“I felt reduced to a vagina,” Swara Bhaskar’s words echoed in my ears in the few hours I spent at Nandgaon in Uttar Pradesh. That’s exactly what the festivity surrounding Holi in the revered city reduced me to, and I can also safely say it for the other women present that day.
Barsana-Nandgaon Holi has caught the attention of the world, so much so, that increasingly, there are more photographers and tourists than locals celebrating Holi. How the crowd is mismanaged and the administration ill-prepared to deal with it is another story for another time.
Hindu legend has it that Lord Krishna was chased away by the women of Barsana, the native village of Radha, having taken offence to his mischief. Keeping this tradition alive as ‘Holi celebration’, men from the neighbouring village of Nandgaon visit Barsana every year where they are greeted by women holding sticks or lathis, followed by men from Barsana visiting Nandgaon the next day – and a similar scene is played out by the women there.
However, what really plays out on the way to the temple (and in the temple) are women’s specific body parts being targeted with pichkaris (water guns). No points for guessing which body parts – breasts, vagina and buttocks. My male companion’s repeated remark of how it is just women who are targeted and how he became a target only when trying to shield me, reinforced the normalisation of sexual violence in the garb of the festival.
Having lived in North India for the most part of my life, sexual violence and being blamed for being in the wrong place, in a wrong outfit and at the wrong time is another normalisation we are forced to live with, how much ever we protest and object to it. Every time I tried to fight an offender that day in Nandgaon, I faced the same retort. At one point, I got so pissed that I snatched a man’s pichkari as he targeted my breasts so close that he brushed them. Targeting his penis with his very own pichkari, I tried to emphasise how his behaviour towards women may feel like. The somewhat baffled response was, of course, toh kya, so what?
For many years, Holi in Barsana and Nandgaon has been on my bucket list. And I was aware of the dark side of the celebrations recounted by the travel photographer Deepti Asthana, the writer Meghana Sanka and friends. However, what I was not prepared for was being molested by male children, aged between 7-8 to about 14-15 years, who targeted my said body parts as I walked to the temple, in the temple and towards the ground where Lathmar Holi was to be played in the evening. As they targeted me, I could not help but wonder what kind of early sexualisation and ideas of masculinity we are exposing and pushing these children towards. When we bay for the blood of a young person for rape, saying if you are old enough to rape, you are old enough to be hanged, do we ever pause to check where and how we went wrong as a society in raising the young?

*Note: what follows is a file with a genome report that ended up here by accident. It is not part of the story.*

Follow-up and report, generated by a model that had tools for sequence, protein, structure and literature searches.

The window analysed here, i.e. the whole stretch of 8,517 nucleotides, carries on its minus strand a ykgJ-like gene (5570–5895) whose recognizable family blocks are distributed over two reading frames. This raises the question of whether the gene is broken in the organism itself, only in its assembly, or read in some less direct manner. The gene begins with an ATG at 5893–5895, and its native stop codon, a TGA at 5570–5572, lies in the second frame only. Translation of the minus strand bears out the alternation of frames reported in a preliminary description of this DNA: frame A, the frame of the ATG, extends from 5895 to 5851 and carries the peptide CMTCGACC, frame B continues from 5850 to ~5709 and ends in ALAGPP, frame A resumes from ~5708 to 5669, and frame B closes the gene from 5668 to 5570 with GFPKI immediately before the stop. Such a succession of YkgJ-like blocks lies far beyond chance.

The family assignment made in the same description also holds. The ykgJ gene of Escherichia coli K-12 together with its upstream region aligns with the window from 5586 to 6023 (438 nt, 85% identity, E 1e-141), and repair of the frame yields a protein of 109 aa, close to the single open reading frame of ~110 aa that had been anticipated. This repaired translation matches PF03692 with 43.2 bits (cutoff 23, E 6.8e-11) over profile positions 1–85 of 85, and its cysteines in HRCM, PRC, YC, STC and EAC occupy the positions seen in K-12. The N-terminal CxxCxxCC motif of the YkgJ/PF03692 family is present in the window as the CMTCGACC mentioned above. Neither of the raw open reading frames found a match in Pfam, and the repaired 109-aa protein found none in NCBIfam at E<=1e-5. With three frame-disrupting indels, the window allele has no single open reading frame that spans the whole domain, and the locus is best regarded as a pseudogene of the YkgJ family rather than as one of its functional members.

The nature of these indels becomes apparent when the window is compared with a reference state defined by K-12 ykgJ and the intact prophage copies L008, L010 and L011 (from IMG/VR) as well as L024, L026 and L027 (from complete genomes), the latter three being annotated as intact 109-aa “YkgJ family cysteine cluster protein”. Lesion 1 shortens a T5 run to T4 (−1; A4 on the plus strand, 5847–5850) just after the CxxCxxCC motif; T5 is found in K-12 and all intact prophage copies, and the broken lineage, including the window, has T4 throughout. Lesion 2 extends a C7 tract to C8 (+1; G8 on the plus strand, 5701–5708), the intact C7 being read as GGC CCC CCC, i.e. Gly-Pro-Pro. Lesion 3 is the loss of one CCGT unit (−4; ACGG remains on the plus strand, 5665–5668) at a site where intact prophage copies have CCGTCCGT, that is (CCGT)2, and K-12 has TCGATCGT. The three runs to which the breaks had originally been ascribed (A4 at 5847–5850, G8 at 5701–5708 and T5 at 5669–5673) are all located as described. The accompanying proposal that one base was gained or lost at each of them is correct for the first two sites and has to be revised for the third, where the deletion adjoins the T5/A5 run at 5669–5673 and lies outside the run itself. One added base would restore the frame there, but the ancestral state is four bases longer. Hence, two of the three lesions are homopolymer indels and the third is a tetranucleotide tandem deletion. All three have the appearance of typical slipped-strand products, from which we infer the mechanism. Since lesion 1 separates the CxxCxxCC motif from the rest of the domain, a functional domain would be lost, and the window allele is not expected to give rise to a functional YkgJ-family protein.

The proud expressions of manhood on the faces of young boys and adult men, while they carefully located their pichkaris on their pelvic girdle and made the gesture of shagging as they pumped it, was not just disgusting but equally disturbing. The young boys’ attitude throughout the day, in most spaces in Nandgaon, was one of seeking a female target. Copying the behaviour of adult men, the pride on their faces and the body language with which they displayed it, begged to be noticed. How are we then, as a society, to question the same behaviour on other days after legitimising and celebrating it with pomp and show on the day we are commemorating a much-worshipped deity?
With the unfortunate incident of Jyoti Singh’s rape and fatal assault in 2012, the entire country bayed for the blood of the juvenile offender. The BJP government cashed on these sentiments and changed the juvenile justice law in the country, lowering the age of juveniles accused of heinous crimes from 18 to 16 years for trial. The state of Maharashtra has gone a step further, seeking to lower the juvenile age to 15 years to check heinous crimes.
Isn’t it time we stop treating children committing crimes in isolation of how we are raising our children in the first place? If patriarchal behavioural structures centred around the display of masculinity through horrid sexual violence on women and the sexualisation of male children along those lines (in the garb of tradition) are permissible, so should be the rapes and crimes by these very children. But if those rapes and crimes by young boys make us uncomfortable, so should this normalisation of sexual violence and pushing for violent masculinity in the garb of culture and tradition.
Until then, myriad women will continue to be stung by statements like samajhti kya hai tu apne aap ko (who do you think you are?) and be attacked from all quarters, to be shown our rightful place for having objected to the objectification and being reduced to just their vaginas, breasts and buttocks. As a consolation, we will continue to target some unfortunate child in some part of the country as an isolated case and satisfy our failed collective conscience by pushing him to the dungeon.